When we find ourselves starting where Genesis 1:1 and John 1:1 start—with God, with Logos—we find the right home for our personal experiences. I find this point especially significant for the experience-driven emphasis of this society. We write about personal experiences, read about them, watch them, and listen to them. But placing these in proper perspective is vital to loving God with our minds.

Our Christian beliefs are in no way foundationally based upon personal experiences. We have a shared set of beliefs conferred between us—shareable, true statements that can be affirmed apart from personal experience because of Scripture.

I once had a conversation in which I sought to convey to another woman in a discussion why I held to a certain moral conviction based upon what the Bible teaches. She, having either acquired her church’s emphasis on experience or, perhaps, importing this emphasis into her faith—responded to me that in her walk with the Lord, she was not convicted about that topic. She reasoned on the basis of her experiences and was content to leave our conversation at that—quite apart from what Scripture affirmed. To her, personal experience transcended Biblical truth statements.

We have access to the Scriptures as the living and active Word (Hebrews 4:2). We have access to the God who is transcendent. And in Christianity, our minds, emotions, and wills engage with the truth. Scripture gauges our experiences. Our experiences in being convicted, rebuked, encouraged, and strengthened by the Scriptures because of the transcendent God who breathed them do not mean that our ability to have that experience becomes the guidepost for our Christianity. God and His Word are transcendent; we submit all of our selves and experience to His Word—at every point and whatever our context.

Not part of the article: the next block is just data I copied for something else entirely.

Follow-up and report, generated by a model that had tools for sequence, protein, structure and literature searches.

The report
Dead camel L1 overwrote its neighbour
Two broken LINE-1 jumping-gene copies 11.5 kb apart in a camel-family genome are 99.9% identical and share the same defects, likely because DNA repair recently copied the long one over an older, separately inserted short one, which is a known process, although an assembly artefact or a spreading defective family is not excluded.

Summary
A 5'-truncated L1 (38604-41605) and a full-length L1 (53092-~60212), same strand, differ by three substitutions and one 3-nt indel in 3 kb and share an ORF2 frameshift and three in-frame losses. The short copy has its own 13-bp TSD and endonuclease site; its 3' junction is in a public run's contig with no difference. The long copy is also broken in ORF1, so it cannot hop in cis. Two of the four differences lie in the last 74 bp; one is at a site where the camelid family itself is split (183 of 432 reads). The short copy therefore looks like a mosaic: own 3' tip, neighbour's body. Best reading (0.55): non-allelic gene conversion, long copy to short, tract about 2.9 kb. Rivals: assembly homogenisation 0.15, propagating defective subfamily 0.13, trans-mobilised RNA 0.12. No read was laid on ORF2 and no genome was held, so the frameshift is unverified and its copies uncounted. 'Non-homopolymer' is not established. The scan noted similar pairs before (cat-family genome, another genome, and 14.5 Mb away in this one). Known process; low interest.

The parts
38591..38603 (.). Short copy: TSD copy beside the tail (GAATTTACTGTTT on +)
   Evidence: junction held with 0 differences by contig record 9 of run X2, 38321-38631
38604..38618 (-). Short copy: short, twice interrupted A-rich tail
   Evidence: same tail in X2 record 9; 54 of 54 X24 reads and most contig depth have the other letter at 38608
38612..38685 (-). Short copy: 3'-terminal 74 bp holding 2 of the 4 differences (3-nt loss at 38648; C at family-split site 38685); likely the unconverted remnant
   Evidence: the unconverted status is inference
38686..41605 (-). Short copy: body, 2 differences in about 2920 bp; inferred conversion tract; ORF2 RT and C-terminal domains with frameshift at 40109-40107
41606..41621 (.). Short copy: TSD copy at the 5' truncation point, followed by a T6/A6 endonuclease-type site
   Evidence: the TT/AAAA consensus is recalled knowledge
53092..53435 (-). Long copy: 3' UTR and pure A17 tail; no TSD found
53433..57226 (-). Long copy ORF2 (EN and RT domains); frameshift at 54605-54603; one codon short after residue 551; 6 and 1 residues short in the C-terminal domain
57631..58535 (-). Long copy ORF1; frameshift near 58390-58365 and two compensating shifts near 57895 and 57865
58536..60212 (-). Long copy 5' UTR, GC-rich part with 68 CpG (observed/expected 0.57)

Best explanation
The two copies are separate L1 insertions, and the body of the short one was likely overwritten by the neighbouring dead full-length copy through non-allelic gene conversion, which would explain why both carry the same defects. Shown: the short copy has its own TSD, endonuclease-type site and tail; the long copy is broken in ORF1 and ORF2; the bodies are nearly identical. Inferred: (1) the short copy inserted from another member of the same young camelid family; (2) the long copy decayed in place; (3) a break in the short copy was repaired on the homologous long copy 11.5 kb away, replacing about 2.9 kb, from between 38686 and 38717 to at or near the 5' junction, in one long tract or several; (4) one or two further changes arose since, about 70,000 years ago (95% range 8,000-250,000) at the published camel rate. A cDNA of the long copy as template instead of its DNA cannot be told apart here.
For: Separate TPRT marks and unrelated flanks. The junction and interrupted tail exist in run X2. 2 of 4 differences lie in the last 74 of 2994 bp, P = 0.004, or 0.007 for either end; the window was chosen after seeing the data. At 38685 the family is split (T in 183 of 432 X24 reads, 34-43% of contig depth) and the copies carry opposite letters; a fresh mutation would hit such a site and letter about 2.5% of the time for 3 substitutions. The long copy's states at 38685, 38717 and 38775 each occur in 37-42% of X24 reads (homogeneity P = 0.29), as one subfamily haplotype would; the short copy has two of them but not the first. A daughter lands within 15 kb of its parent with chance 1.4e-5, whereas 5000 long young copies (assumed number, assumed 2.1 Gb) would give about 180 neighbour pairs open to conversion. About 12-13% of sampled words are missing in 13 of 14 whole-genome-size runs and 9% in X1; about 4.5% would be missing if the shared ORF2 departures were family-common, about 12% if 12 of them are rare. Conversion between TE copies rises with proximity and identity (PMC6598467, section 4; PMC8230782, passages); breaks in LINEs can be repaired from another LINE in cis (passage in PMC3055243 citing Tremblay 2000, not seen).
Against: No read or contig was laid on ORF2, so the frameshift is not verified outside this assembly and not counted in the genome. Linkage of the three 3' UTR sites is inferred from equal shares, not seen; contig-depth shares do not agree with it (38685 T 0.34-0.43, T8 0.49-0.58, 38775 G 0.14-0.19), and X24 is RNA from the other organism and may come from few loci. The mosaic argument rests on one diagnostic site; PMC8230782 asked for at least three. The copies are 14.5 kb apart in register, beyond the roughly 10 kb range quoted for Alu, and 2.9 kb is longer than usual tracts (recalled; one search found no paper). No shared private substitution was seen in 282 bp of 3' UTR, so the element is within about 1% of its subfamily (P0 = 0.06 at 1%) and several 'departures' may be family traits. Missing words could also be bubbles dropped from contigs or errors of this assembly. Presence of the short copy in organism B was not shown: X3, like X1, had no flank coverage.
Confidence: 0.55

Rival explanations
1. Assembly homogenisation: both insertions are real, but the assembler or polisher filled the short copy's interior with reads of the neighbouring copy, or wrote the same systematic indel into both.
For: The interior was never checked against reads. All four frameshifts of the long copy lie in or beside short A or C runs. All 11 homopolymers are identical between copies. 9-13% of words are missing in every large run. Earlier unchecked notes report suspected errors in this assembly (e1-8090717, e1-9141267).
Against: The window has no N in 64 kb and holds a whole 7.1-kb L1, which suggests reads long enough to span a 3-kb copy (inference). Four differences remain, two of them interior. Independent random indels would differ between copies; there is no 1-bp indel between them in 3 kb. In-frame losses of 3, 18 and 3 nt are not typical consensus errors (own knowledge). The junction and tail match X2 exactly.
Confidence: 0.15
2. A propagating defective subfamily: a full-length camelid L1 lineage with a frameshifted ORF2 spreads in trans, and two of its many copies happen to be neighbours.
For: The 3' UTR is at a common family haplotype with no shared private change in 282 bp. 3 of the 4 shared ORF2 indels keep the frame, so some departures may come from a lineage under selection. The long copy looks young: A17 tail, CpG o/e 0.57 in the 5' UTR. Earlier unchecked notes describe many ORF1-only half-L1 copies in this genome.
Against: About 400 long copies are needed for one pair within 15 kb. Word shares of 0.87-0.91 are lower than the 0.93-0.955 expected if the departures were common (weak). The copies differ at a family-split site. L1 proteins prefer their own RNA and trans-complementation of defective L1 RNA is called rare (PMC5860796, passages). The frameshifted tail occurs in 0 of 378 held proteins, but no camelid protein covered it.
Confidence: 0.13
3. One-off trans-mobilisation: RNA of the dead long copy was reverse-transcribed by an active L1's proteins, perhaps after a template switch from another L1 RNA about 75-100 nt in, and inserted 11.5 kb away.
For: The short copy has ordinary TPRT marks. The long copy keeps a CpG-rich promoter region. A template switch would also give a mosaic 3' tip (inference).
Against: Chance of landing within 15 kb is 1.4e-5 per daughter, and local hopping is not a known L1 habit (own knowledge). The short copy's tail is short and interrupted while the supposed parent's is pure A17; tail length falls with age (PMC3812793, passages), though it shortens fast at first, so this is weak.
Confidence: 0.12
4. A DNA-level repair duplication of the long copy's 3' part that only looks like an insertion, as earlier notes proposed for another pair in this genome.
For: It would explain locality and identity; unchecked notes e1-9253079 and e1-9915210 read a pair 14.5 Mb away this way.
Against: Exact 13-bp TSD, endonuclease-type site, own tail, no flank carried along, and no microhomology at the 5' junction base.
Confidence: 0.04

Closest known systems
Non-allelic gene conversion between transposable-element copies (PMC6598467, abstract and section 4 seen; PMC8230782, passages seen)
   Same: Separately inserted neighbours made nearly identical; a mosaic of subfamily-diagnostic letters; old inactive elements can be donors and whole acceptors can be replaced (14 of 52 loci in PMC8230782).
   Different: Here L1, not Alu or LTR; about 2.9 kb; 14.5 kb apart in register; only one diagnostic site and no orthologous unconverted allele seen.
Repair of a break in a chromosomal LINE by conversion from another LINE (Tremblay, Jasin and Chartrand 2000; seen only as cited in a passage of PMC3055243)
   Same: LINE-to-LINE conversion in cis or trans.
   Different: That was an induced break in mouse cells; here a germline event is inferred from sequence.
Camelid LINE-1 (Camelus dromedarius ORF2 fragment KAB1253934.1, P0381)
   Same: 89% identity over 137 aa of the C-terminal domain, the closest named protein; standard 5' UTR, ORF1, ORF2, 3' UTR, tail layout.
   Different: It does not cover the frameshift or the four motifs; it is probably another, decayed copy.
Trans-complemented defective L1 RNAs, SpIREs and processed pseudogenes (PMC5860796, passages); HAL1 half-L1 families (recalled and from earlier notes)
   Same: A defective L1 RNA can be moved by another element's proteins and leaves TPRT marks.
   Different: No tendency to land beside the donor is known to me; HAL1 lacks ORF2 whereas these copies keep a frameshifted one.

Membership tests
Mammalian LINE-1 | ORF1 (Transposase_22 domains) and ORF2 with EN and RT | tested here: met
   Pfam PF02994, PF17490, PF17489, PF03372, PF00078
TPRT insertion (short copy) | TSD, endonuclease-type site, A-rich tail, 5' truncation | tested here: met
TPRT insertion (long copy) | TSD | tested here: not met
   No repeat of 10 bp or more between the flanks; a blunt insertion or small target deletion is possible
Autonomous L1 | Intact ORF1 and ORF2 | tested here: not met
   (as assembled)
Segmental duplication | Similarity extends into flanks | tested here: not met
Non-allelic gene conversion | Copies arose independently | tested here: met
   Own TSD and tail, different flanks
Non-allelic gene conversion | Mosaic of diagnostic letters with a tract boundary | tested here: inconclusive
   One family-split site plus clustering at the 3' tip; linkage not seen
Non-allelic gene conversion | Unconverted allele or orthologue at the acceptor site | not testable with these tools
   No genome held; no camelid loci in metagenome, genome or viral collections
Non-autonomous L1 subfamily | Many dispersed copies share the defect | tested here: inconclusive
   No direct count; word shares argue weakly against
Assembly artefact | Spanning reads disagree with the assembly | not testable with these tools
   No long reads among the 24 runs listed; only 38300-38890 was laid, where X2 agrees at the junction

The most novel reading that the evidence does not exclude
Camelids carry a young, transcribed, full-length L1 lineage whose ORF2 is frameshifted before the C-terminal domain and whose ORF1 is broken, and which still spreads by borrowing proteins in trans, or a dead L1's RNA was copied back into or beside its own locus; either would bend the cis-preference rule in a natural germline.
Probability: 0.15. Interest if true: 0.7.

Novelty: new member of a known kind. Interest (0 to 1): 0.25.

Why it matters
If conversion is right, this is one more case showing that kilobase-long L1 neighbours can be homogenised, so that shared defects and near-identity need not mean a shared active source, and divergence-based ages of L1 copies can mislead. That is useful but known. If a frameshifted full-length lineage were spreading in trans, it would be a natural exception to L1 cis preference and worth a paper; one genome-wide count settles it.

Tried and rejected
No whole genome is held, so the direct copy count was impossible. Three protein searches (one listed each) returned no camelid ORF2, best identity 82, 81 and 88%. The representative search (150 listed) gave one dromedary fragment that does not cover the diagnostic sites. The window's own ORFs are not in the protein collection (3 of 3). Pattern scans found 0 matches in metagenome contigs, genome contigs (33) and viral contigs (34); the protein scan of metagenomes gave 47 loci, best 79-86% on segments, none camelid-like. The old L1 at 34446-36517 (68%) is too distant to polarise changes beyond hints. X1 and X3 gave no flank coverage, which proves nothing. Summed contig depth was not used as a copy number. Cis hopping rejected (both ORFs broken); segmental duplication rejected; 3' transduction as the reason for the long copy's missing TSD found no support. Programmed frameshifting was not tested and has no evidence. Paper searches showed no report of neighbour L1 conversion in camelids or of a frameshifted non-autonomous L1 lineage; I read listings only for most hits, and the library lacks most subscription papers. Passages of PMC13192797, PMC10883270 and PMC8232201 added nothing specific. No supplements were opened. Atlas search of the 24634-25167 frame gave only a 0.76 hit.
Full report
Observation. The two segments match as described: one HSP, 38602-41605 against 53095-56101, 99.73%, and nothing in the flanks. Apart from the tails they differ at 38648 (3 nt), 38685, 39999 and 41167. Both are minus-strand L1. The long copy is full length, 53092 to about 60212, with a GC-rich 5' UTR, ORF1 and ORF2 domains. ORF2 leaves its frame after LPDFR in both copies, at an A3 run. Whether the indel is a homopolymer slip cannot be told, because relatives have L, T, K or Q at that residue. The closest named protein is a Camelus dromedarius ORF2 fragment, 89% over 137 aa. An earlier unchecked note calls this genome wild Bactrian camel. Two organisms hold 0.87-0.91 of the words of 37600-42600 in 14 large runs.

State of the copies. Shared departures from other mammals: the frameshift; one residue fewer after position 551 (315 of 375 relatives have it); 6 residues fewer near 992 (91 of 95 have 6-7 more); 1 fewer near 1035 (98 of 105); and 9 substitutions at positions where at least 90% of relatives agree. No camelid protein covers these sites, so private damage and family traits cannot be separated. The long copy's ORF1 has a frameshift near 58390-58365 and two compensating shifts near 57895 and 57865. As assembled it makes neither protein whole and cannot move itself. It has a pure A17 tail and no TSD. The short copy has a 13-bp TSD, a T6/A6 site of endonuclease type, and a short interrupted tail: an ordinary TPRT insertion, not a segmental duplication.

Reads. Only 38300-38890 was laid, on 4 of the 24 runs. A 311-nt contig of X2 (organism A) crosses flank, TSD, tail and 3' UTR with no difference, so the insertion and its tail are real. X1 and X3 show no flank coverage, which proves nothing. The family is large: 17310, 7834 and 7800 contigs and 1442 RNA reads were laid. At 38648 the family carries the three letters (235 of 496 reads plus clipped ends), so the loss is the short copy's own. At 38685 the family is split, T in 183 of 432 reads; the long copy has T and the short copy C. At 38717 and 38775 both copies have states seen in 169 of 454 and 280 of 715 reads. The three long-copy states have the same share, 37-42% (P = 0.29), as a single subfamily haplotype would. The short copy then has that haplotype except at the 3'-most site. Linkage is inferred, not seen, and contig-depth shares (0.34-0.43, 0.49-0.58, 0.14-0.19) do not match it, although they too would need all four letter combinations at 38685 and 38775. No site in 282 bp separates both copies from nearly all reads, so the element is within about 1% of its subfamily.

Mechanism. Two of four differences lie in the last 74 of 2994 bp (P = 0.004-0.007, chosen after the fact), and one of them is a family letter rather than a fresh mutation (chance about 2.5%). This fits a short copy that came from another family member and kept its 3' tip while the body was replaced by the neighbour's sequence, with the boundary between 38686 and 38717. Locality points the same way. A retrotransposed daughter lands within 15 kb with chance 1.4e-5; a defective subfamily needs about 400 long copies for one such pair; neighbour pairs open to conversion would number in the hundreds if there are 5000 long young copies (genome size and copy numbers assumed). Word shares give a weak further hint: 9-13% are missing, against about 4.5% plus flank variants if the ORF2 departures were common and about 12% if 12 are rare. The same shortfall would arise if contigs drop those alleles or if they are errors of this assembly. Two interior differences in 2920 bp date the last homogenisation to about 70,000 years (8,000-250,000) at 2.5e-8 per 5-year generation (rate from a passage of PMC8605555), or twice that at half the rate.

Believing in the God of the Bible and being convinced   

Renewing how I think as a Christian and depending upon Scripture in this means, in part, that I do not recognize the independent authority of philosophy or science to determine meaning or mankind’s beginnings, that I don’t pay homage to personal experience as a guidepost for life, that no one else’s experiences are the foundation of my faith either, that I know the scientific method is presupposition-based and breeding of its own faith, that God requires no proof or verification from man, that no line of thinking is superior to or parallels our Christian faith, and that the Christian faith applies to every person and therefore, is not optional—whether that is acknowledged now or in the future (Philippians 2:10).

It is by a firm tethering at every point of ourselves and our souls, our hearts, our minds, and our wills to Scripture that we see His authority as dominant and overarching—our point of embarking, our present, and our destination. Honoring God in how we think involves clinging to what we have been taught in Scripture (2 Thessalonians 2:15) with all of our rational capacities—not abandoning them—because in Him, we have believed and are convinced (2 Timothy 1:12). Christianity is a thinking faith—and the feelings, or experiences, that come necessarily proceed from and submit there in Him, the Logos, the transcendent God.  

“I know whom I have believed and am convinced…”

2 Tim. 1:12


[1] Carl F. H. Henry, Toward a Recovery of Christian Belief: The Rutherford Lectures (Wheaton, IL: Crossway Books, 1990).
[2] Ibid., 68.
[3] Ibid., 95.